I’m visiting friends in Colorado Springs, CO, and no trip is really complete for me without either doing some gardening or visiting some garden centers or botanical gardens. So Jan and I made a visit to one of her local independent nurseries for plants for her 5 containers. We had success, and also picked up a free publication, Colorado Gardener, available widely in Colorado. And in the first spread was an article reminding me that wisdom appropriate for our neck of the woods is not so very different from what is appropriate elsewhere.
You can read the entire pub with their online widget, but go to page 3 for the article called Let Go of the Past by Jaki Hein.
What attracted my attention was the author’s experience at the garden center where she works with a Seattle transplant asking to be shown hydrangeas, flowering dogwoods and camellias, and also asking why the rosemary she planted didn’t seem to survive the winter. Well, those things don’t grow well or at all in the harsh USDA zone and equally harsh alkaline soil of Colorado’s front range area.
People seem to also want Kentucky bluegrass and Japanese maples. Ummmm… NO! Those things need entirely different soil and MUCH more water than are available in this area.
The article went on to offer some sensible suggestions and give sage local advice about reading labels and such. I was very impressed. The article covered many things I speak about in my lectures to both my clients and also to the public. Made me think I’m not such a hair-brain, weirdo since others in other parts of the country are tooting the same horn. YAY! :-)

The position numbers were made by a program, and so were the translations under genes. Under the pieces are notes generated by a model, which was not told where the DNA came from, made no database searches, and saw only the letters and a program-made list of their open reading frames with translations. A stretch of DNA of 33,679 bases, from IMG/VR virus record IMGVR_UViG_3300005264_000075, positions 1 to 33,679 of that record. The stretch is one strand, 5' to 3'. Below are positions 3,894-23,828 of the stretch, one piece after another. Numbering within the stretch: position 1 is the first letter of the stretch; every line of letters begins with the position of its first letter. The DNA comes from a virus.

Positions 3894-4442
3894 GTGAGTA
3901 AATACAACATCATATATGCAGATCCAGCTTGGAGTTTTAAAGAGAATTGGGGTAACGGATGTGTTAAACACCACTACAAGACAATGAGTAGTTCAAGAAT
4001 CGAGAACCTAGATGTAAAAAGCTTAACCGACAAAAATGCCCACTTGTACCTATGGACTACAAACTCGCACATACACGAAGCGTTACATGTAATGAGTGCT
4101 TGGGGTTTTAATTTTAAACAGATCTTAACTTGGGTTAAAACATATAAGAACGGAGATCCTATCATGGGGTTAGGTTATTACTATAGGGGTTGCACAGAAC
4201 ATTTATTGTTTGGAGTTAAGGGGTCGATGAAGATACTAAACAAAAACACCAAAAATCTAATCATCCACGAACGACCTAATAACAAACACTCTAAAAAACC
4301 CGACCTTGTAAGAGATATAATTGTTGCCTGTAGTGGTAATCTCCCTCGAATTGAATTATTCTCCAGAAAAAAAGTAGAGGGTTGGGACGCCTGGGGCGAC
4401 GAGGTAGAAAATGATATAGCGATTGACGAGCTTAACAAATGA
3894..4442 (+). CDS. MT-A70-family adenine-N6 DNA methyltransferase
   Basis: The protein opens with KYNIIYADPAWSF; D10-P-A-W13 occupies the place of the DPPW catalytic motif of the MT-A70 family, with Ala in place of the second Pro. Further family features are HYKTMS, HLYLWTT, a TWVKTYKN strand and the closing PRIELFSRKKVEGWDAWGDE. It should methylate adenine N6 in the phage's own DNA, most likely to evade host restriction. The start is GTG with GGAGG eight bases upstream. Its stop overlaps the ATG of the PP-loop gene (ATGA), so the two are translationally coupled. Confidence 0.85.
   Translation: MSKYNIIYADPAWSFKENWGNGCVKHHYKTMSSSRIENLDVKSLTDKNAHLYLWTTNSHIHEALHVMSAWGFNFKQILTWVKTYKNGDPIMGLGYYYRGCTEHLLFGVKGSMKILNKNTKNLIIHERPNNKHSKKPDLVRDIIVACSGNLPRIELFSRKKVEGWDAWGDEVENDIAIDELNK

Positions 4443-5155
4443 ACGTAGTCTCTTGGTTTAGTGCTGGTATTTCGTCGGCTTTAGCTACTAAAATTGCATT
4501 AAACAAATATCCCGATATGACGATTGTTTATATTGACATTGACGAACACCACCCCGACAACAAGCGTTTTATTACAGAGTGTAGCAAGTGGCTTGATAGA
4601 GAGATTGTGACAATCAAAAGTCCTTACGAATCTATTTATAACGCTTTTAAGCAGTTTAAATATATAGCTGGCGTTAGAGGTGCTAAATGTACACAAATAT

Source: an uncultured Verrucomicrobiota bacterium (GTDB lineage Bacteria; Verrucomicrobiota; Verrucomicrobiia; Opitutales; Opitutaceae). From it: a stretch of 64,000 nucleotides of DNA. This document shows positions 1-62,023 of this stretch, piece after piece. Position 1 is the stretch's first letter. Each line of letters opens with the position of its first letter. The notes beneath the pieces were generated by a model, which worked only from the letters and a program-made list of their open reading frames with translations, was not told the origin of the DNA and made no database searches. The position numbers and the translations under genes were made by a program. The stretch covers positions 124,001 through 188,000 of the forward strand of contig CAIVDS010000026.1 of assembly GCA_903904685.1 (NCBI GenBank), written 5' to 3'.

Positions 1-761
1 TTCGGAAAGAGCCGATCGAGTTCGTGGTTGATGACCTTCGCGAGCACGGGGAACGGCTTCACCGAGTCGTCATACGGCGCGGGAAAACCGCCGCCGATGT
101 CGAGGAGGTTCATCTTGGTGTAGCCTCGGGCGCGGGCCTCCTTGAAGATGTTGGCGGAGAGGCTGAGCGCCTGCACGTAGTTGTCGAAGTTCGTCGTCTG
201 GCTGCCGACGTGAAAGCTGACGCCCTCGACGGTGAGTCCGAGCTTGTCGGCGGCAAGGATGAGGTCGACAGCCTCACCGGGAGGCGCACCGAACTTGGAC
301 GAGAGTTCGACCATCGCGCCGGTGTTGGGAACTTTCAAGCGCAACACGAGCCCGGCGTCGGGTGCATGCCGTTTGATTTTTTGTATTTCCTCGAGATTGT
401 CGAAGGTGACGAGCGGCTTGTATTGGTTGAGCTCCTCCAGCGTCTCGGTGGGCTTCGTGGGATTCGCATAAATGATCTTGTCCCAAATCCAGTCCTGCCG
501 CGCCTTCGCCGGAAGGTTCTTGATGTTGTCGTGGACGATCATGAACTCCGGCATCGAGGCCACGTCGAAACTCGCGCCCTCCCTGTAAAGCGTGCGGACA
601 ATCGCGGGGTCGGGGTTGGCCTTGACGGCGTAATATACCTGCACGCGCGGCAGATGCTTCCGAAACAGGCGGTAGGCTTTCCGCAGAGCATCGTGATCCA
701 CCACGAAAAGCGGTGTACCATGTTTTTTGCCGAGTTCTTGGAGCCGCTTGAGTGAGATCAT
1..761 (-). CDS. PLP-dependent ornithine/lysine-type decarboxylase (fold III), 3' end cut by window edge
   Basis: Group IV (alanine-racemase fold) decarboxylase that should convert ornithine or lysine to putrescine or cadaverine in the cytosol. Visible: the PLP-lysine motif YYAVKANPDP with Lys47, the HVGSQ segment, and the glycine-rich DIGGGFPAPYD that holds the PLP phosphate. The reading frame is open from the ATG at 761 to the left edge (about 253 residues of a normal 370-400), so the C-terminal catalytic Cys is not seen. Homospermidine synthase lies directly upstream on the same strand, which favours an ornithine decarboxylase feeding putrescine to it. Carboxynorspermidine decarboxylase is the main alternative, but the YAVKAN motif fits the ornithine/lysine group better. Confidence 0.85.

I can’t stress how important it is to respect what Mother Nature prescribes for each various area of her earth. We need to be realistic about what is able to grow here and there. Release the ‘me’ from our gardening experience. Or at least learn to broaden our taste in plants to include the things that will actually survive where we are living, at that time, in that place.
Remember, working WITH Mother Nature will always be easier and less expensive than working against her. She is WAY more in charge of your garden than you are. Try to adopt the mentality than you are gardening for Her, and not for yourself. I like to frame my gardening life as a service project for Mother Nature.
Try it. You may like it. :-)